Will Boeing Earnings Benefit From Delta and United Continental's Renaissance?

Will Boeing Earnings Benefit From Delta and United Continental's Renaissance?

Boeing will release its quarterly report on Wednesday, and the Dow component has soared to new all-time record highs as conditions in the commercial aircraft sector have never been better. Part of that success has to do with the sudden profitability of Delta Air Lines and United Continental Holdings , both of which have gone from difficult times just a few years ago to massive profitability. Will the two airlines' recoveries lead to even better results for Boeing earnings in the future?

Much of the news about Boeing during 2013 has focused on its 787 Dreamliner launch, which has been plagued by difficulties. The 787's grounding earlier this year created huge uncertainty about the viability about the aircraft. Lately, though, investors have simply ignored further problems with the Dreamliner, assuming that they'll all work themselves out and fade in importance over time. Given the huge long-term prospects Boeing has to reap orders in a wide variety of existing and new plane designs, investors might well be smart to look beyond momentary troubles. Let's take an early look at what's been happening with Boeing over the past quarter and what we're likely to see in its report.

Stats on Boeing

Analyst EPS Estimate


Change From Year-Ago EPS


Revenue Estimate

$21.68 billion

Change From Year-Ago Revenue


Earnings Beats in Past Four Quarters


Source: Yahoo! Finance.

How high can Boeing earnings fly?
In recent months, analysts have had mixed views on Boeing earnings, reducing their third-quarter estimates by $0.02 per share but raising full-year 2013 and 2014 projections by $0.02-$0.04 per share. The stock has soared higher over the period, gaining 14% since mid-July.

The most encouraging thing for Boeing is that its stock has gained despite ongoing concerns about the Dreamliner. Less than a month ago, Norwegian Air decided to ground one of its Dreamliners after flying for only a few weeks, citing a track record of only 49% success in on-time departures in requiring Boeing to fix the aircraft's problems. More recently, systems malfunctions caused two Japan Airlines Dreamliner flights to return to their departure cities, which some analysts argue led to the airline choosing Airbus for a new order despite having a long-term relationship with Boeing. Yet through all of this, the stock has only climbed higher.

As many investors are finally realizing, the Dreamliner isn't really the key to Boeing's success. The 737 MAX promises to greatly increase the fuel efficiency of one of the company's most popular aircraft designs, and United Continental was one of the early airlines to order the new model last year. Delta Air Lines said earlier this year that it would wait to see how the new 737 MAX performed before considering orders, but the carrier has the option to convert some of its existing order for 737-900 aircraft to the 737 MAX instead if it likes what it sees.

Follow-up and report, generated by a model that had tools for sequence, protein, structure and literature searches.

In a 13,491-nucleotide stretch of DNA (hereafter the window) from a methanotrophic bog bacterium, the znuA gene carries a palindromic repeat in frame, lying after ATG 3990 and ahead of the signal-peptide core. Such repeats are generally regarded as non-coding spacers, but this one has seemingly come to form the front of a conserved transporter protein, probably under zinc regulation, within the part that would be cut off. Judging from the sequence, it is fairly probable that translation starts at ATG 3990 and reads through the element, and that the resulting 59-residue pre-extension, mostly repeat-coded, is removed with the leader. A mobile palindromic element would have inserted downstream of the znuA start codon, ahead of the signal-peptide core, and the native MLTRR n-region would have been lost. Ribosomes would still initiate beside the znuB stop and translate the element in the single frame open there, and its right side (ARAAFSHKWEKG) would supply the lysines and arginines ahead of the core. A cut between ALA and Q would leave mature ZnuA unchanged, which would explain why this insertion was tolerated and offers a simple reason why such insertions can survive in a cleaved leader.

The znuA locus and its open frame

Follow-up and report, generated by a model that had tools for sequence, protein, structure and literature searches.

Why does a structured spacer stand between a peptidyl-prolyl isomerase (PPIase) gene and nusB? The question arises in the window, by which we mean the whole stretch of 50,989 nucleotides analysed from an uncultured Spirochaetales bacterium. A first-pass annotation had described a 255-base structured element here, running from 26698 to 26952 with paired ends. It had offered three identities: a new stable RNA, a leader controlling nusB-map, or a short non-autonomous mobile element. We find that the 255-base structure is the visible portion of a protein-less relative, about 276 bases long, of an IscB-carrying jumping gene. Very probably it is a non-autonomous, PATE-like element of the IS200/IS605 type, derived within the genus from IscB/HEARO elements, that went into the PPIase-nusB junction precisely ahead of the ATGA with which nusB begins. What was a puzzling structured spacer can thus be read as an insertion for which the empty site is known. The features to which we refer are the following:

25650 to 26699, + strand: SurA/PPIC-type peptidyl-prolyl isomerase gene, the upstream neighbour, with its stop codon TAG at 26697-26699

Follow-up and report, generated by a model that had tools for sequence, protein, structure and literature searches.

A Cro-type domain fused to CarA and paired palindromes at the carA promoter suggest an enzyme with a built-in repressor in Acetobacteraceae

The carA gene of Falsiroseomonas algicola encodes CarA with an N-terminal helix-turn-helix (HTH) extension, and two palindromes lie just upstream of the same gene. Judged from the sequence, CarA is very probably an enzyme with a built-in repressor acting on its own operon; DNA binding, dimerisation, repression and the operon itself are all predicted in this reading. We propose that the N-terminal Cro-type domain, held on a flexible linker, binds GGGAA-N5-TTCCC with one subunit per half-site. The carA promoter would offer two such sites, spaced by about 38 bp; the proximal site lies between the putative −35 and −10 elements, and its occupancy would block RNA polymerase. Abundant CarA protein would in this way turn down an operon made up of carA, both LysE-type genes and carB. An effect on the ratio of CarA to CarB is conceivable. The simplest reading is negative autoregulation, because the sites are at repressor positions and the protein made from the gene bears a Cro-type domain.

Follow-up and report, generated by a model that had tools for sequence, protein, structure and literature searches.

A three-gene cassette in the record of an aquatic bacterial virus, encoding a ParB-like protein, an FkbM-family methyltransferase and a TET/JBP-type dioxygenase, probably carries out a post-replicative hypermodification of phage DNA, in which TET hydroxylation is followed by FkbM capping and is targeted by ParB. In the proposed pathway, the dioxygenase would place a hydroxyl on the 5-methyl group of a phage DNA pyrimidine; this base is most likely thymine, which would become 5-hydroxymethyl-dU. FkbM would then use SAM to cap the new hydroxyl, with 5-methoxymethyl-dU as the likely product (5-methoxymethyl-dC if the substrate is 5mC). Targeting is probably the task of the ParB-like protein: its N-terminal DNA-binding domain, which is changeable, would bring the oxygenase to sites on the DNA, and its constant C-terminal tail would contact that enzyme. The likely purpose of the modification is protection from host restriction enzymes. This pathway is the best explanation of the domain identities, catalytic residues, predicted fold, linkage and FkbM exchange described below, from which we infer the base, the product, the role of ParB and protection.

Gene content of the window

Still, new aircraft coming in means old aircraft going out, and Boeing has had to shift its focus in light of its innovations. Just last week, the company said it would cut the production rate of its 747-8 jumbo jet by 14% through 2015, citing weak demand for the model. Between the larger Airbus A380 and Boeing's own slightly smaller 777 aircraft, which both United Continental and Delta fly, the 747 could well prove to be a long-term casualty for Boeing.

The key to Boeing's success remains healthy airlines. Delta Air Lines plans to cut costs by $300 million by modernizing its fleet to include updated Boeing products. One reason why United Continental has lagged behind Delta is that it has been slower to restructure its domestic fleet, pressuring its margins more than Delta's.

In the Boeing earnings report, watch to see how the company responds to the latest Dreamliner issues. By emphasizing its successes, Boeing should be able to keep investors squarely focused on the big picture, which continues to look bright for the company decades into the future.

Why Boeing should benefit from strong global markets
Boeing isn't the only company that stands to gain from a more prosperous world. Many global regions are still stuck in neutral, and their resurgence could result in windfall profits for select companies. A recent Motley Fool report, "3 Strong Buys for a Global Economic Recovery," outlines Boeing and two other companies that could take off when the global economy gains steam. Click here to read the full report!

Click here to add Boeing to My Watchlist, which can find all of our Foolish analysis on it and all your other stocks.

The article Will Boeing Earnings Benefit From Delta and United Continental's Renaissance? originally appeared on Fool.com.

Fool contributor Dan Caplinger has no position in any stocks mentioned. You can follow him on Twitter @DanCaplinger. The Motley Fool has no position in any of the stocks mentioned. Try any of our Foolish newsletter services free for 30 days. We Fools may not all hold the same opinions, but we all believe that considering a diverse range of insights makes us better investors. The Motley Fool has a disclosure policy.

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Originally published